My friends Pea and Lori and I have been getting together every month or two this year, intentionally deepening our friendships. Getting together is challenging. Before we even get together, there are logistical hoops and loops: Lori works two days a week and has other plans; Pam works intensely at times and casually at other times, so her schedule’s tough; I go to school a couple of days a week and have other responsibilities to calendar, and I fatigue easily, so I can only visit Lori on a day when I have no other plans.
To schedule a time to get together, first I contact Pea. Once Pea and I have a few dates when we could visit, I call Lori’s home and talk with a caregiver who has access to her calendar, and we try to find a time that works. If Lori’s there, she gives the yea or nay, but if she’s not the caregiver puts us on the schedule anyway.
When I called a few weeks ago to schedule a visit, Lori wasn’t home so I just talked with one of the caregivers. In church the next Sunday, Lori wouldn’t look at me. During the passing of the peace, I went to say “Peace” to her as I usually do, but she turned her head away from me. She may not communicate in speech, so she can’t really give me the silent treatment, but she certainly communicated that she was angry, or—as she would say—pissed off.
I spoke to the back of her head, “Peace, Lori. I called and made an appointment for Pea and me to come visit you, but I guess the caregiver I talked with didn’t tell you. We’ll see you later this week.” Only then did Lori turn to face me and smile: I felt forgiven.
Lori has cerebral palsy, uses a wheelchair, communicates not through speech but through eye movements, laughter when she is amused (often by children or our ministers’ bloopers), and an intense wailing when she is in pain. Like Lori, I don’t drive, and Lori lives a half hour’s drive north of my home in central Seattle, so Pea picks me up and drives the two of us to meet Lori.
Thursday, Pea picked me up and we headed north. When we got to Lori’s home, a caregiver answered the door, like always, and we greeted the caregivers and one of her housemates who was in the front room. Lori was already in her room, and we knew the way, so we went on back.
Lori was in a new wheelchair, a bright red motorized chair, and the caregiver in the room was nervous about trying to use it, so we called Hilda, a caregiver who has a strong relationship with Lori. Hilda turned Lori around, and we saw that this wheelchair moved fast, like a motorcycle, so we decided that we would not be touching its controls. We noticed that Lori’s right hand was cut and scabbed from hitting passing objects as she had been whizzing about in her new wheelchair.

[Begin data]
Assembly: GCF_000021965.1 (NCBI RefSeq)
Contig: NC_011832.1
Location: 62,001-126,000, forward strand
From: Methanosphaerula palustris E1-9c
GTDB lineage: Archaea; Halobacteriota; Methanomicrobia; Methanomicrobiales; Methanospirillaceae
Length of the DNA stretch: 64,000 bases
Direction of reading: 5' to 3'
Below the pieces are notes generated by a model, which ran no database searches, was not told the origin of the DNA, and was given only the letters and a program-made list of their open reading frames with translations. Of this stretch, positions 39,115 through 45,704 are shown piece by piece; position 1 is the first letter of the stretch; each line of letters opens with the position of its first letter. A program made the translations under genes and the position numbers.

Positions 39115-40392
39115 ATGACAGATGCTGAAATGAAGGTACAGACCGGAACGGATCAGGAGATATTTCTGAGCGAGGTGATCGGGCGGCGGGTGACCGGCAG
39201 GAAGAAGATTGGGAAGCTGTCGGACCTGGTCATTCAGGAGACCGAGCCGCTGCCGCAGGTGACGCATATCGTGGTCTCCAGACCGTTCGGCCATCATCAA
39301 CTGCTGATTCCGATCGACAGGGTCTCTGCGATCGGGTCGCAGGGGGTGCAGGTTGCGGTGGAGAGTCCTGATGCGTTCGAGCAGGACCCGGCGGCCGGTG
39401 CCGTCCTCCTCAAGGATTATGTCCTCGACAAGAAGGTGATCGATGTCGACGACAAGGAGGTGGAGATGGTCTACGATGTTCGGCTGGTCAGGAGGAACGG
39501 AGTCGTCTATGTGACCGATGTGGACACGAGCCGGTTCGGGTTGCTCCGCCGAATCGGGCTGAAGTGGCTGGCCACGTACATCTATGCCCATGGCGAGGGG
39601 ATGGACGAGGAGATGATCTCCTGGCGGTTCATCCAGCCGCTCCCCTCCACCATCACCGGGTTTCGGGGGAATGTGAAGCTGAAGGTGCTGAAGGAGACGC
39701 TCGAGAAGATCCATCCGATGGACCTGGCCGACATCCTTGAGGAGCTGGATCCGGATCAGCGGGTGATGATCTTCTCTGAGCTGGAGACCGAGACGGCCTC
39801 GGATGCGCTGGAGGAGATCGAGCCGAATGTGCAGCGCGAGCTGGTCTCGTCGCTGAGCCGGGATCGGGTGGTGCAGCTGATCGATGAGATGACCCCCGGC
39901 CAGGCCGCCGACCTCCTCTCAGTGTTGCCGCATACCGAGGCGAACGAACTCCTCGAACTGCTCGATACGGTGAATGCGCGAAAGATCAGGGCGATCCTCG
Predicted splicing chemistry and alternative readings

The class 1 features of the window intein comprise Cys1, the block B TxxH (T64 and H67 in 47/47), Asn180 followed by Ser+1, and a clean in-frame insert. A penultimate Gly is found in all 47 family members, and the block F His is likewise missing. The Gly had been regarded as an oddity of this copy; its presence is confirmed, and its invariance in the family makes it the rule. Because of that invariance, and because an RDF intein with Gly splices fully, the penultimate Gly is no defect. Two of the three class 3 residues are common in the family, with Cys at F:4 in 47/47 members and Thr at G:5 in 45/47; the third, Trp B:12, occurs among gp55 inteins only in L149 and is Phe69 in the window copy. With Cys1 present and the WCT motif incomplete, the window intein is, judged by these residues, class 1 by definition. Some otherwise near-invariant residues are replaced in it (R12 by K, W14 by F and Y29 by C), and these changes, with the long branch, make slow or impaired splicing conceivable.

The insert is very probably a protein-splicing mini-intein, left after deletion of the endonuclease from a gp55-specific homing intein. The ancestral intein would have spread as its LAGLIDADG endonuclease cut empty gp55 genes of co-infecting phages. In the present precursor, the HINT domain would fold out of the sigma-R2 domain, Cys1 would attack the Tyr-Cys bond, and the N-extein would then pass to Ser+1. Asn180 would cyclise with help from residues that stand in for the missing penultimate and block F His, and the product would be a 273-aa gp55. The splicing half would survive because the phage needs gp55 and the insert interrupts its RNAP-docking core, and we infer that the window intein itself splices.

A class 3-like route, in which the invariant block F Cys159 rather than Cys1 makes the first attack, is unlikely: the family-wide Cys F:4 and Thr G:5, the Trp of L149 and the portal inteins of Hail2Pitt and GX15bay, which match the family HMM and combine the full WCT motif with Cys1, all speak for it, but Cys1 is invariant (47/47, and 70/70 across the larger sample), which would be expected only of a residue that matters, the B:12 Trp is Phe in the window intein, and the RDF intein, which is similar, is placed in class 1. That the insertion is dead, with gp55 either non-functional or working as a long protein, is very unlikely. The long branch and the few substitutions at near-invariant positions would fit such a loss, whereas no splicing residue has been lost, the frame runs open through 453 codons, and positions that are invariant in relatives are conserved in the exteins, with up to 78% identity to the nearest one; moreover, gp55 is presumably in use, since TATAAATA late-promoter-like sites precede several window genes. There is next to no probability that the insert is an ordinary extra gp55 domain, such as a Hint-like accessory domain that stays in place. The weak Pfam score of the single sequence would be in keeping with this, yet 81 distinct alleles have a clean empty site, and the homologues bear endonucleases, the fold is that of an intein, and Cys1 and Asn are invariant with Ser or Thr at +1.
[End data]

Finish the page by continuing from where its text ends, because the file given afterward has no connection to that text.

Lori had a fancy new laptop on her desk, too, and I wondered aloud if it were her birthday, but she moved her eyes into the “no” position, indicating that it was not. Her sister had given her the laptop—and maybe the wheelchair, too. As the youngest child of five, Lori has told us in the past that her siblings thought she was spoiled when they were growing up. Perhaps they’ve continued spoiling her in her adulthood.
Pam shared with Lori a video of the flash mob where her partner Lovie proposed to her. Because Lori and I both have disabilities, though they’re quite different, I shared my most recent blog entry about my left foot.
The first couple of times Pea and I visited, we performed in this way (actually, Pea played the guitar) in the group living room, and that’s pretty much where the visit ended, but the third visit Lori invited us to her room and shared her photos and paintings with us, and since that time we always meet in her room, which is more private than her living room, and we are learning how to hear from her about how she is and what she is thinking.
This time, we sought to learn more about the music she likes. She likes Christian music more than “other kinds of music”, and rock more than country. She doesn’t like either jazz or blues. Typical for dykes, she likes The Indigo Girls.
We made a few plans for getting to know Lori better the next times we gather. Lori said that Pea and I can visit her at work, where she reads to elementary school kids. (I see her with kids all the time at church, so I know she loves kids and connects with them, but I have little idea how she reads to them.) We’re also going to interview Lori’s caregiver Hilda, who has a special connection with Lori and can read her mind. Lori will be part of the interview. And Lori says that we can interview one of her sisters, the one who gave her the laptop. Again with her there. (No sharing dirty secrets.)
Eventually, the goal is to give a sermon together at church. Partly, the sermon will be about Lori's life, but the more we get to know each other, the more I think that we will also talk about friendship.
I'm no Biblical scholar, but I know that Jesus said, "Whenever two or three are gathered in my name, there am I in the midst of them." This loving presence is with us when we three gather.
After a couple of hours, Pea and I said good-bye and headed down the wheelchair ramp to Pea’s car. Pea drove us to her home, where we said hello to sweet Sunshine, the family’s golden retriever, and had a quick snack and some time to catch up before Pea’s partner Lovie came home, and we all headed to a nearby Thai restaurant to meet my partner Ann.